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Linux 6.9 Makes A Change To Satisfy Microsoft For EFI x86 Shim Loader Signing

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  • Linux 6.9 Makes A Change To Satisfy Microsoft For EFI x86 Shim Loader Signing

    Phoronix: Linux 6.9 Makes A Change To Satisfy Microsoft For EFI x86 Shim Loader Signing

    The EFI updates were merged today for the ongoing Linux 6.9 merge window. This cycle the EFI kernel code is seeing enhancements for confidential computing as well as for satisfy Microsoft's requirements for getting them to sign the x86 shim loader again for UEFI Secure Boot handling...

    Phoronix, Linux Hardware Reviews, Linux hardware benchmarks, Linux server benchmarks, Linux benchmarking, Desktop Linux, Linux performance, Open Source graphics, Linux How To, Ubuntu benchmarks, Ubuntu hardware, Phoronix Test Suite

  • #2
    I, for one, welcome our Microsoft overlords!

    Seriously, it's insane and ridicule to depend on them this way.

    Comment


    • #3
      Originally posted by timofonic View Post
      I, for one, welcome our Microsoft overlords!

      Seriously, it's insane and ridicule to depend on them this way.
      Well they control the master key for UEFI secure boot so that ship have sailed a long time ago. And forcing end users to install their own keys won't fly with the public at large.

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      • #4
        Secure boot/TPM has never prevented me from running GNU/Linux but then again I mostly stick to corporate distros that sign their stuff. As long as secure boot/TPM can be turned off I don't really mind it.

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        • #5
          Originally posted by F.Ultra View Post

          Well they control the master key for UEFI secure boot so that ship have sailed a long time ago. And forcing end users to install their own keys won't fly with the public at large.
          I'm not a lawyer, but, that should be illegal

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          • #6
            Originally posted by mirmirmir View Post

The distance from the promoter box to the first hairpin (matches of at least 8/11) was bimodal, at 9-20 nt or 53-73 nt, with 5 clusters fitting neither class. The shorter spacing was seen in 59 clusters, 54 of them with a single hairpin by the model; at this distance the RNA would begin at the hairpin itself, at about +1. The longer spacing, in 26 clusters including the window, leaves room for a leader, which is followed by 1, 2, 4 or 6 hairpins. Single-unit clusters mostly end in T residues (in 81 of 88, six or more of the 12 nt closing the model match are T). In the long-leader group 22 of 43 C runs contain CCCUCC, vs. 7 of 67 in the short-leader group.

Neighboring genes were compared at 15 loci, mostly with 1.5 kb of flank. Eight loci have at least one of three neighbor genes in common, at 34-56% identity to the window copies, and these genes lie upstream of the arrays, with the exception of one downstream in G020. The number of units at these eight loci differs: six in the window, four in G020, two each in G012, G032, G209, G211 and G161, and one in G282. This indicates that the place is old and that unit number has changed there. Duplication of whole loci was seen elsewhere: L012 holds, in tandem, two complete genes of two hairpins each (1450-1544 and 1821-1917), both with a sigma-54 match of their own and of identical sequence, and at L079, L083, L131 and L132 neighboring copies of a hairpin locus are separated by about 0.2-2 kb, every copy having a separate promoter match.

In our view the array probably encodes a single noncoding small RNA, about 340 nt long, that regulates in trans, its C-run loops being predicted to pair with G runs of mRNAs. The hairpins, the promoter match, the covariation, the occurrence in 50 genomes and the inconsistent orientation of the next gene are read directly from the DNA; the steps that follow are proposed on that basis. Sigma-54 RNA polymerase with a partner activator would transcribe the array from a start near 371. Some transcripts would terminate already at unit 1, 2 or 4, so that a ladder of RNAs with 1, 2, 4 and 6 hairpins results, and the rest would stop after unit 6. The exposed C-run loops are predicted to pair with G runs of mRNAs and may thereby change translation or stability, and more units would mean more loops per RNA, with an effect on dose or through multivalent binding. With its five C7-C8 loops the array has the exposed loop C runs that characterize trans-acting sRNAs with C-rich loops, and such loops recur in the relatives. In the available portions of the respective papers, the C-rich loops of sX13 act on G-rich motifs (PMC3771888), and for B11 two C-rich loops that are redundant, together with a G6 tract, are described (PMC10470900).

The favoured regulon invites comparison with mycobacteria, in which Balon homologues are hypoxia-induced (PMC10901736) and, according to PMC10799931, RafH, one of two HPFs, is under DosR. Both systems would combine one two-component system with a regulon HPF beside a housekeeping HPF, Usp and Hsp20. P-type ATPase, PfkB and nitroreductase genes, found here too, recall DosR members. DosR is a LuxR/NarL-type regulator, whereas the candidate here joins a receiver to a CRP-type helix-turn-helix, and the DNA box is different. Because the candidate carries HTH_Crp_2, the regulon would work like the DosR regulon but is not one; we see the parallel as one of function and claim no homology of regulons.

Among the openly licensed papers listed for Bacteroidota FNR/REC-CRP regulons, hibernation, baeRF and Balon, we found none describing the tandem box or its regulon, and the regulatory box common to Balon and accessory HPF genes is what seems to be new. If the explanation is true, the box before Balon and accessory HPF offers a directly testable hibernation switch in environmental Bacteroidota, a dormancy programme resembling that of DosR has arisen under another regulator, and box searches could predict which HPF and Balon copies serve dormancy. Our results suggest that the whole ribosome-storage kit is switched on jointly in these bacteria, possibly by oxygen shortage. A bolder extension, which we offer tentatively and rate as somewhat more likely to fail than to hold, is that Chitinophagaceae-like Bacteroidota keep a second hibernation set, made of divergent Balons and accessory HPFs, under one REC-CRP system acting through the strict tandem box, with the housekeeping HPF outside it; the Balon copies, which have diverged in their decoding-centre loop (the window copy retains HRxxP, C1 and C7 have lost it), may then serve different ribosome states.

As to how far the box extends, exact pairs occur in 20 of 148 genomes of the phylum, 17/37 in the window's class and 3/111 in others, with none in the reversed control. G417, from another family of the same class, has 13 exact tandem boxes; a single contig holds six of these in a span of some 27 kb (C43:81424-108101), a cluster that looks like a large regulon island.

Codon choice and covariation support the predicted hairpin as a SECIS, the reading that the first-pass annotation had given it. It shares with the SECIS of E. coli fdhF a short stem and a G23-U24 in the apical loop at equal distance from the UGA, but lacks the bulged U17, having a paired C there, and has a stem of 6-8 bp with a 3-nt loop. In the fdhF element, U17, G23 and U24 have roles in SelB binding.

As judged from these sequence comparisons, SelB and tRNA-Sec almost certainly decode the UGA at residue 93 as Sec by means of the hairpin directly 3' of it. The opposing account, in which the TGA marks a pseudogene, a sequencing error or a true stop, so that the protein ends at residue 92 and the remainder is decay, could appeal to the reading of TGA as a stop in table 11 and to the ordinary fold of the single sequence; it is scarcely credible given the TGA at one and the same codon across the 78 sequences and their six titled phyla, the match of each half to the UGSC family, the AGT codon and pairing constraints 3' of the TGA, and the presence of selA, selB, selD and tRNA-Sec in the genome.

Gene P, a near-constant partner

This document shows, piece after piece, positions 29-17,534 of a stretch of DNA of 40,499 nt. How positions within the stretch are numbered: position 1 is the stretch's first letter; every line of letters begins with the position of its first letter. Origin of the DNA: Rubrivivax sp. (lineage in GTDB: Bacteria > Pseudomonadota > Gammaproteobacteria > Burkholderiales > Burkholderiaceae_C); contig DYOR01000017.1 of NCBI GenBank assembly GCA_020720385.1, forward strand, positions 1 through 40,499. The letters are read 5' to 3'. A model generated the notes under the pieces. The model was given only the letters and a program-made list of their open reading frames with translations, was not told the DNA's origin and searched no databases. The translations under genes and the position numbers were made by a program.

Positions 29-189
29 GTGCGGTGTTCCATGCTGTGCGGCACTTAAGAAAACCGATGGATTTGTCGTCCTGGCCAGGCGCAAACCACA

I'm not a lawyer, but, that should be illegal
            I don't see how you would find legal standing. Every single motherboard manufacturer are free to install any master key(s) they want (and you as the end user can install your own if you like) but have so far decided to only add the Microsoft one (and Apple the Apple one on mac hw).

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            • #7
              SecureBoot causes more problems than it solves.

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              • #8
                Originally posted by Abacus123 View Post
                Secure boot/TPM has never prevented me from running GNU/Linux but then again I mostly stick to corporate distros that sign their stuff. As long as secure boot/TPM can be turned off I don't really mind it.
                It's mostly a problem with the community distros that don't have the bandwidth to sign their stuff or just don't want to pay a fee to Microsoft. I would be very surprised if Ubuntu and RHEL didn't work with Secure Boot. I wouldn't at all be surprised if distros like Arch and Gentoo don't work out of the box and require you to add your own keys.

                Personally, I'm still of the mind that it's safe to turn off Secure Boot unless you're a relatively high-value target. How often do you hear about people's /boot or firmware getting targeted and triggering a Secure Boot warning? Certainly it does happen but it's not common.

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                • #9
                  Linux 6.9 Makes A Change To Satisfy Microsoft
                  ‚ÄčThis is so wrong...
                  Originally posted by F.Ultra View Post

                  Well they control the master key for UEFI secure boot so that ship have sailed a long time ago. And forcing end users to install their own keys won't fly with the public at large.
                  The solution is simple, disable that worthless feature and ur good. Seriously, secure boot doesn't even do anything, it literally only exists as a nuisance.

                  Even if you're a, as ahrs said "high-value target" you have much bigger problems if someone has the phyhsical access to your pc needed for secure boot to actually do anything; and at that point, a little thing like secure boot isn't gonna stop them, secure boot is a stupid feature to enable by default because you need at bare minimum password protected bios for it to even theoretically do anything for you.

                  The only exception is if you're dumb enough to be flashing your bios or booting from untrusted sources, at which point secure boot won't save you either, it isn't the cure for stupidity.

                  Secure Boot should honestly just be named Microsoft Boot, it's more about increasing microsoft's control over average PC users who aren't tech savvy than it is about securing anything.
                  Last edited by rabcor; 14 March 2024, 05:28 AM.

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                  • #10
                    I think motherboards should be able to have UEFI Secure Boot keys that are pre-installed from factory but disabled by default, so then the user can easily enter the UEFI Setup Screen and enable one of the pre-installed keys.

                    That way Canonical, Red Hat and SUSE can have their own keys pre-installed.

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